Childhood is the happiest period of one’s life. It is the time when fun is at its peak with no burden of responsibilities. But what happens when a child grows in a stressful environment which compels him or her to lose self-worth and become a despondent? A recent study by the University of California, San Francisco’s (UCSF) Department of Psychiatry on older homeless adults suggested that adverse childhood experiences have a long-term negative impact on the mental health of people.
When a child is exposed to adversities, such as neglect, parental death or abuse, he or she becomes more vulnerable to future violence victimization or perpetration, said the study. It focused on the most overlooked population and revealed that half of all single homeless adults were over the age of 50, suggesting that the younger half of the baby boomer population was at an increased risk of becoming homeless. The study was published in the American Journal of Geriatric Psychiatry in August 2016.
Rate of childhood physical abuse higher in older homeless population
The researchers examined 350 homeless individuals aged above 50 years, who were part of a research project called the Health Outcomes of People Experiencing Homelessness in Older Middle Age Study (HOPE HOME), carried out by the UCSF since 2013.
The researchers questioned each participant about their negative childhood experiences, which were put under seven categories – physical neglect, verbal abuse, physical abuse, sexual abuse, parental death, parental incarceration, and placement in the child welfare system. The researchers then compared the total number of disastrous experiences of each participant with their current mental state, including history of suicide attempts, psychiatric hospitalizations or depressive symptoms.
On comparing the three mental health outcomes with the number of traumatic experiences during childhood, the scientists found that the participants who experienced one to four or more adversities had two to six times higher risk of developing moderate-to-severe depressive symptoms.
Those who had encountered four or more traumatic episodes had seven times higher risk of being hospitalized for psychiatric problems. But the link between the risk for suicide attempts and the number of childhood adversities witnessed the sharpest elevation, with 45 times higher risk of attempting suicide in the participants with four or more adversities.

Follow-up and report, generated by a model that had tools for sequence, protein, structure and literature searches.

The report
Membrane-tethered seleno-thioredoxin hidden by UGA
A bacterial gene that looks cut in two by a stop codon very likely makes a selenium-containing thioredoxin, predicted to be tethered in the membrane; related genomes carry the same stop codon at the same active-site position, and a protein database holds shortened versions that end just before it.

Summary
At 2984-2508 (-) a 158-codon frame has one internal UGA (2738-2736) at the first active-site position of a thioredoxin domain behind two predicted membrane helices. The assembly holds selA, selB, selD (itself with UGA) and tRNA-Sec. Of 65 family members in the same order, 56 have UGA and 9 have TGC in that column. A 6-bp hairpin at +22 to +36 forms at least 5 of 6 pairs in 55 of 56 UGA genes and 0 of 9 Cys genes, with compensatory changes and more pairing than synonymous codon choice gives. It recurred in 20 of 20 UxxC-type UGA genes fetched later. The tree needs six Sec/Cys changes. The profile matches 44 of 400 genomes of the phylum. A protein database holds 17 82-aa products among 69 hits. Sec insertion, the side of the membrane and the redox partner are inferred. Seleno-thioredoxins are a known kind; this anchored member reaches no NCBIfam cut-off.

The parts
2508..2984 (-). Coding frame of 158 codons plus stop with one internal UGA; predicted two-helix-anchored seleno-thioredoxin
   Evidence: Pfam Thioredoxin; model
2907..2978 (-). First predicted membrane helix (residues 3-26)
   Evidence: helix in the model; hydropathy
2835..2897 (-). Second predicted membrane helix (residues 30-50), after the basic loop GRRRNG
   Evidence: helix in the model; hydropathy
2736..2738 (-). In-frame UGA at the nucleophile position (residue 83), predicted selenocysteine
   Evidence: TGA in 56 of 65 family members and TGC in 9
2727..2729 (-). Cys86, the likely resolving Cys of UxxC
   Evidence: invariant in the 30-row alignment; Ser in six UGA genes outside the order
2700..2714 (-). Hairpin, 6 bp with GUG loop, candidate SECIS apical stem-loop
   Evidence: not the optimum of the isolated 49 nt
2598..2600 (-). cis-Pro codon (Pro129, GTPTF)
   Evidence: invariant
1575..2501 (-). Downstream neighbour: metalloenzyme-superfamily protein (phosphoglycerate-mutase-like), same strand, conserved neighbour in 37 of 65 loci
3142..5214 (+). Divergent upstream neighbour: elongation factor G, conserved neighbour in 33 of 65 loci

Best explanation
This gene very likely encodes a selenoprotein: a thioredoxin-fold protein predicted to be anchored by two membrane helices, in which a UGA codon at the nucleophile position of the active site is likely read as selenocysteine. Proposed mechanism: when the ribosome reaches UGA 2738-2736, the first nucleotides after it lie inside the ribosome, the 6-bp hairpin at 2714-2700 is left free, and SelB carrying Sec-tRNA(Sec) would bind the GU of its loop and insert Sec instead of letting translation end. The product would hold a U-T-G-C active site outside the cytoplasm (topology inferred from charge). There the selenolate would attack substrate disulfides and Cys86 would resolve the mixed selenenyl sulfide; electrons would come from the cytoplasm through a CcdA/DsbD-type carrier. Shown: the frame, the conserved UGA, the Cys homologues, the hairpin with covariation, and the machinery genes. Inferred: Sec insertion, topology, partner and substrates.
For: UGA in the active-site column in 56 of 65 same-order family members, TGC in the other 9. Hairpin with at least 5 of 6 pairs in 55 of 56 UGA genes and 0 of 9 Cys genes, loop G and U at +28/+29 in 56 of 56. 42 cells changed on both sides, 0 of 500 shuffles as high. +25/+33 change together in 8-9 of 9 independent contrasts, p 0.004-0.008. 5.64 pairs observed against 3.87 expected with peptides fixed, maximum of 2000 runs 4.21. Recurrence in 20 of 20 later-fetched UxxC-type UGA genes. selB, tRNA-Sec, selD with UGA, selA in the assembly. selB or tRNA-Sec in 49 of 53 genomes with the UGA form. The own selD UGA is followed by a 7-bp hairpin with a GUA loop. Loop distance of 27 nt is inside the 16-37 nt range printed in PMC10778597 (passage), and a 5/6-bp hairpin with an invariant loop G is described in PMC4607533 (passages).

It was found that the rate of childhood physical abuse was 33 percent in the older homeless population, compared with just 15 percent in the non-homeless population. But the largest gap between the general population and the study participants was seen in case of parental death-21 percent of the participants experienced parental death as compared to just 0.3 percent of those from general public.
“Even in a population with high prevalence of poor mental health outcomes, you could differentiate the mental health problems at this late age by the number of childhood adversities,” said senior author Margot Kushel, M.D., professor of medicine at the UCSF.
Need for early screening of childhood adversities
Painful experiences during the childhood can cause severe mental health issues later, hence, the need of the hour is to screen vulnerable individuals for early life adversities. The scientists believed that the at-risk population, usually, has access to primary care, and hence, can be screened for such adversities at an early stage.
But they denied that bad parenting is responsible for early-life adversities and agreed with the fact that any kind of trauma is largely driven by issues existing in a particular society. This means that childhood adversity is a public health problem as its repercussions are devastating and persist for a long period of time.
Leading a healthy life
More than the increasing pervasiveness of mental disorders, it is the lack of accessibility to treatment that is becoming a major concern. Thus, it is important to start the treatment as soon as it is diagnosed. If you or your loved one is suffering from any mental health issue, consult the Sovereign Mental Health Services for the best treatment. Call us at our 24/7 helpline number 866-954-0529 or chat online to understand all about mental health programs and to know about our various mental health centers.